3 Growth Stocks for 2022
This week, we look ahead to 2022, a year that will see higher interest rates, the final chapter of Covid, but also lower gains in the stock market than the past two years. More on these projections later this month. For now, let’s look at some candidates of growth stocks for 2022.
This alliterative American company is the number-one supplier of construction materials. We’re talking gravel, asphalt, ready-mixed concrete and crushed stone, the guts of homes and non-residential buildings across the U.S. This isn’t an easy industry for new companies to enter, so MLM is protected by a moat of sorts while it will benefit from new infrastructure spending. After a lot of haggling, Washington passed the $1.2 trillion infrastructure bill a month ago, with just under half of that money earmarked to areas including bridges and roads. (All figures here are USD.)
In early November, MLM reported adjusted EPS of $4.25. That was lower than the $4.71 reported a year earlier, mostly because energy costs have ticked up. No surprise there. Still looking year-over-year, revenues rose 17.3%, including ready-mixed concrete revenues popping 26%, and the asphalt and paving business leaping 50.9% to $195.9 million. Meanwhile, gross margin came in at 28.4%, slightly down YOY but not much, as adjusted EBITDA dipped 2.3%. Overall, it was a decent quarter, though not a grand slam. The company’s forecast was sunnier, though. MLM increased its projections for total aggregate shipping to climb 4.5-6.5% (from 3-5%) and total pricing to rise 2-3%.
After that Nov. 2 report, MLM shares rallied from $389.84 (Nov. 1 adjusted close) to peak at $422.94 on Nov. 17. During the mini-correction triggered by Omicron to start the month, MLM dipped to $401.25, but has now surged past its November highs around $434. The stock trades well above its 50-day moving average of $398 and 200-day MA of $367.20.
Because shares have moved up and Wall Street targets $464.71, barely 6% higher than current levels, investors can enter with a partial position now and add during market choppiness. While markets are starting to come to terms with the Omicron variant, nobody knows where Fed tapering and interest rates are going, which will trigger volatility and times to buy.
This one’s gotten interesting. Canadian investors are familiar with this global chain of gas stations and convenience stores. ATD grows by buying smaller operations, and investors have come to expect that.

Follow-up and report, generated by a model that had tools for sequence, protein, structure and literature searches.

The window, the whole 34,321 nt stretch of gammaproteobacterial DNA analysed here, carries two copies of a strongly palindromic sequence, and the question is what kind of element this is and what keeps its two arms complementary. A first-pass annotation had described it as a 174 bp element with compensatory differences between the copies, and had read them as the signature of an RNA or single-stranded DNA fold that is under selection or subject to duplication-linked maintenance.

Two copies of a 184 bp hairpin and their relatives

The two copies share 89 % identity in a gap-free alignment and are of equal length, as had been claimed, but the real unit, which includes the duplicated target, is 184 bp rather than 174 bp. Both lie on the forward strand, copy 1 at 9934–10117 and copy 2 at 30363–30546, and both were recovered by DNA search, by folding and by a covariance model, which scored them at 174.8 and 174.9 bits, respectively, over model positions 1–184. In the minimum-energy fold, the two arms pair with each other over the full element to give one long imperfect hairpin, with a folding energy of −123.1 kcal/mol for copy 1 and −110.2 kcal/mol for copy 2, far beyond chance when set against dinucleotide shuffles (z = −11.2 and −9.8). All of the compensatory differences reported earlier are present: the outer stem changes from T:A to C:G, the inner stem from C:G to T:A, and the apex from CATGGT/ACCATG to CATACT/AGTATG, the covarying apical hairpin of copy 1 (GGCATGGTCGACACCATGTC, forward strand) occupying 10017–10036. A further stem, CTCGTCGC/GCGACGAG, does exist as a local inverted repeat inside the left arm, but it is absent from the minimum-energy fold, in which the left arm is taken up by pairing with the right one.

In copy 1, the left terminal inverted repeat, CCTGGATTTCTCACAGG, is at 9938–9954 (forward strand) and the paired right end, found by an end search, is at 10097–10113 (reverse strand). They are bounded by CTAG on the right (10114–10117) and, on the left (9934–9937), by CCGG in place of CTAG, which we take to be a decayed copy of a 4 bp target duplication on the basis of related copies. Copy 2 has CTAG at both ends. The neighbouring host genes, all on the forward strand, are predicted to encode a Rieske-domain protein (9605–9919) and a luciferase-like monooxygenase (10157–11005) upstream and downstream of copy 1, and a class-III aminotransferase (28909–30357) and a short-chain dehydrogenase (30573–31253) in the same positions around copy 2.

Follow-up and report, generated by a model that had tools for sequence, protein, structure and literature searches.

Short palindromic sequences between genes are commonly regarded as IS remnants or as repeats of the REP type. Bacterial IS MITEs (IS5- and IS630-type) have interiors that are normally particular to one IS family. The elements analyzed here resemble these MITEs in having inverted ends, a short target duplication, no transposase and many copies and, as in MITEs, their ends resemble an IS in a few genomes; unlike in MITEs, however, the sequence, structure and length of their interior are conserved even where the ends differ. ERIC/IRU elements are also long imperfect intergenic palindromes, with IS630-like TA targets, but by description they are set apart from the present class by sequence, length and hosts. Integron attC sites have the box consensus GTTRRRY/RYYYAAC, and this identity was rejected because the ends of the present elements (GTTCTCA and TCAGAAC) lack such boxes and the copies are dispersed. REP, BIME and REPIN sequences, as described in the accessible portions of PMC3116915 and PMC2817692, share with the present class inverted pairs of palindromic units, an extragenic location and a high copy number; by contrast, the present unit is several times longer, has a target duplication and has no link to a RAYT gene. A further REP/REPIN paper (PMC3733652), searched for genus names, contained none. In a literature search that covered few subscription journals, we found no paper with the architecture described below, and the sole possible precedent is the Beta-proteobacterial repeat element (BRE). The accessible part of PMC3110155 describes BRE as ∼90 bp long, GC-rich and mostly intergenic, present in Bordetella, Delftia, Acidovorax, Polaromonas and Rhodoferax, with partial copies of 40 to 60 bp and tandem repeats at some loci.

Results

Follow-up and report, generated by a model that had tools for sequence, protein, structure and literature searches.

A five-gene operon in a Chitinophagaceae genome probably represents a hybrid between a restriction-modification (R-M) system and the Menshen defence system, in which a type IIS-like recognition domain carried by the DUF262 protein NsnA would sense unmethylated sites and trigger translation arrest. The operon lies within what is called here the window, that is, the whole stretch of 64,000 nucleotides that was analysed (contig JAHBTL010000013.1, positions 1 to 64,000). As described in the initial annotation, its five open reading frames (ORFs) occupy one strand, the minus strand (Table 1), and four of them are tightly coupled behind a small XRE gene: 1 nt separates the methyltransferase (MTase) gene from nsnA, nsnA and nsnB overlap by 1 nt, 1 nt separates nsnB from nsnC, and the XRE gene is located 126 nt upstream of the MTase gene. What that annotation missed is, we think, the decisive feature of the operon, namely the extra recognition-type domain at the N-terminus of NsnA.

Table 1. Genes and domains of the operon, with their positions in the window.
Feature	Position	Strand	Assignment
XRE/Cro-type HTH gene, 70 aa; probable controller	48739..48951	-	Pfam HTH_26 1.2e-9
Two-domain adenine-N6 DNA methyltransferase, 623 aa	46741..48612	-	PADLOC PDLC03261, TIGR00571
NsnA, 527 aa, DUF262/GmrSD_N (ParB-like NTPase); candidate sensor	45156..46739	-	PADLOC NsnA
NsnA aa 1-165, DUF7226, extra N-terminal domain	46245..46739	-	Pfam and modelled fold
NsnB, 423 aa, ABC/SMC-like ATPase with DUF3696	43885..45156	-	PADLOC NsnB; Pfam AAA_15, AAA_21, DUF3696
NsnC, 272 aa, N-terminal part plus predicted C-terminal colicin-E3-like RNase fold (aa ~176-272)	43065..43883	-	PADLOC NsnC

On the bullish side, ATD has gotten rid of its two class of shares. It trades at less than 16x earnings. It has beaten or met three of its last four quarters. (It narrowly missed its last one.) The balance sheet is robust and the company keeps buying back shares. And though it pays only a 0.9% dividend yield, its ultra-low 10.59% payout ratio makes that safe and that divvy is expected to grow. As reported on Nov. 23, revenues jumped 33.5% over the past year, though same-store sales grew at only 1.4% in the States. In other words, ATD is a growth stocks for 2022 but with a long track record of growth pre-pandemic.
Now, the bears ask, When is their next acquisition? Who will pay for wage increases? How will they cover labour shortages? All are fair questions in today’s economy. Also, aren’t electric cars taking over the world? The answer is that Alimentation is already on top of EV’s, as it has been testing e-charging at its Circle K locations in Norway for about four years. Quebec and California are next.
So, is Alimentation a buy? If you’re long, then yes, though you may have to sit on this over a winter of discontent if those bearish predictions play out, but the road looks bright and long in 2022 for ATD. Another acquisition is inevitable, and people are hungry to travel, as seen in domestic travel numbers around the world.
The Wall Street Journal just reported that ETF inflows topped US$1 trillion (with a T) for the first time. While ETF’s perform less than the top stocks, they also don’t plunge as far during volatility. They let you sleep at night. They also solve the problem of which stock to buy in a particular industry or country. I confess that I don’t know which semiconductor stock to buy, though this sector has been raging for months.
There are a few semis ETF on the market, but I like XSD for its low 0.35% MER, and for holding heavy-hitters like the unbiquitous AMD, NVIDIA and Xilinx. XSD’s holding are also near equal weighting which gives investors more cushion in this lucrative, but volatile space. Daily volumes average 90,000, which is not super, but good enough, but forget about the dividend yield which pays only 0.14%. XSD holds tech stocks, after all.